Remember the crash of 2008? Many people lost their jobs and homes and they witnessed in disbelief as their life’s savings went down the drain in a horrifying wink. The average American household lost a third of its net worth during the recession. And the Millenials were watching as their parents lost all that they saved up for years. Is it any wonder then that ownership means less to them than access?
This is but one of the factors that led to this paradigm shift. A confluence of several other socio-economic trends caused this. Buying ‘stuff’ has stopped to be being about the thing itself. Instead, what we get from the acquisition has come to matter more. Experience won over ownership.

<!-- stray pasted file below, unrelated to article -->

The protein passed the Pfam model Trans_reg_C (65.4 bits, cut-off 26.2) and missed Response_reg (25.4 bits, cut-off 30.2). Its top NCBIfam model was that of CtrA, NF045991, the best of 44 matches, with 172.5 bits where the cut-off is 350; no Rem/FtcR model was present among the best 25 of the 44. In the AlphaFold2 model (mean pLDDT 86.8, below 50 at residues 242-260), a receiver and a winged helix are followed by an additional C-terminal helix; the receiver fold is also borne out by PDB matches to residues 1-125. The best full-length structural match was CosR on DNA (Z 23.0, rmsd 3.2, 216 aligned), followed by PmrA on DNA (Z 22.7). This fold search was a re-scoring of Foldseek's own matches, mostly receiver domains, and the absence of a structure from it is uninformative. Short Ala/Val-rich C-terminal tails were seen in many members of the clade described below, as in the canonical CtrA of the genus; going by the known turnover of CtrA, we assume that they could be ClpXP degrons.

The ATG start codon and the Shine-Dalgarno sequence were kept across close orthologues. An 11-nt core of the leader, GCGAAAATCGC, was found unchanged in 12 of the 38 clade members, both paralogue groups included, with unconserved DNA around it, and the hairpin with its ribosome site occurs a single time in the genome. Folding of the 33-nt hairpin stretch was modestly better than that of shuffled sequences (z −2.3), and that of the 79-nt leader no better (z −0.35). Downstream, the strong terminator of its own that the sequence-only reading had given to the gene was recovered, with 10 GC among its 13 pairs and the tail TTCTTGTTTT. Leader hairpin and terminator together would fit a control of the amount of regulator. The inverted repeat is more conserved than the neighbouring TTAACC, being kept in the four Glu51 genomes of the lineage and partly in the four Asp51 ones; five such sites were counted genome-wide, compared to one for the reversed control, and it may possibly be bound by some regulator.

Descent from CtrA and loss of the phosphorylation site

In every industry, from real-estate and cars to software, a subscription economy is winning. The idea of ownership is redefined as one of the many advantages of the subscription system is that the downpayment is relatively insignificant compared to what you get in return.
Nothing should be outrageously expensive, people realize that now. Why pay an arm and a leg when you can enjoy the same experience by subscribing to it for a short-er term at an easy price? Or plan, as that is the rage now.
Reason #2: Switching Cost is Not very high
The popularity of the subscription economy largely owes it to the ease of doing it.
Switching cost is ridiculously high when you own something. But it is seemingly trifling when you are only subscribing it. The choice suddenly is vast, the advantages much more attractive, and the ordeal of swapping products is transformed into a pleasant experience. Generation Y is sure to favor the choice of a premium experience with no strings attached.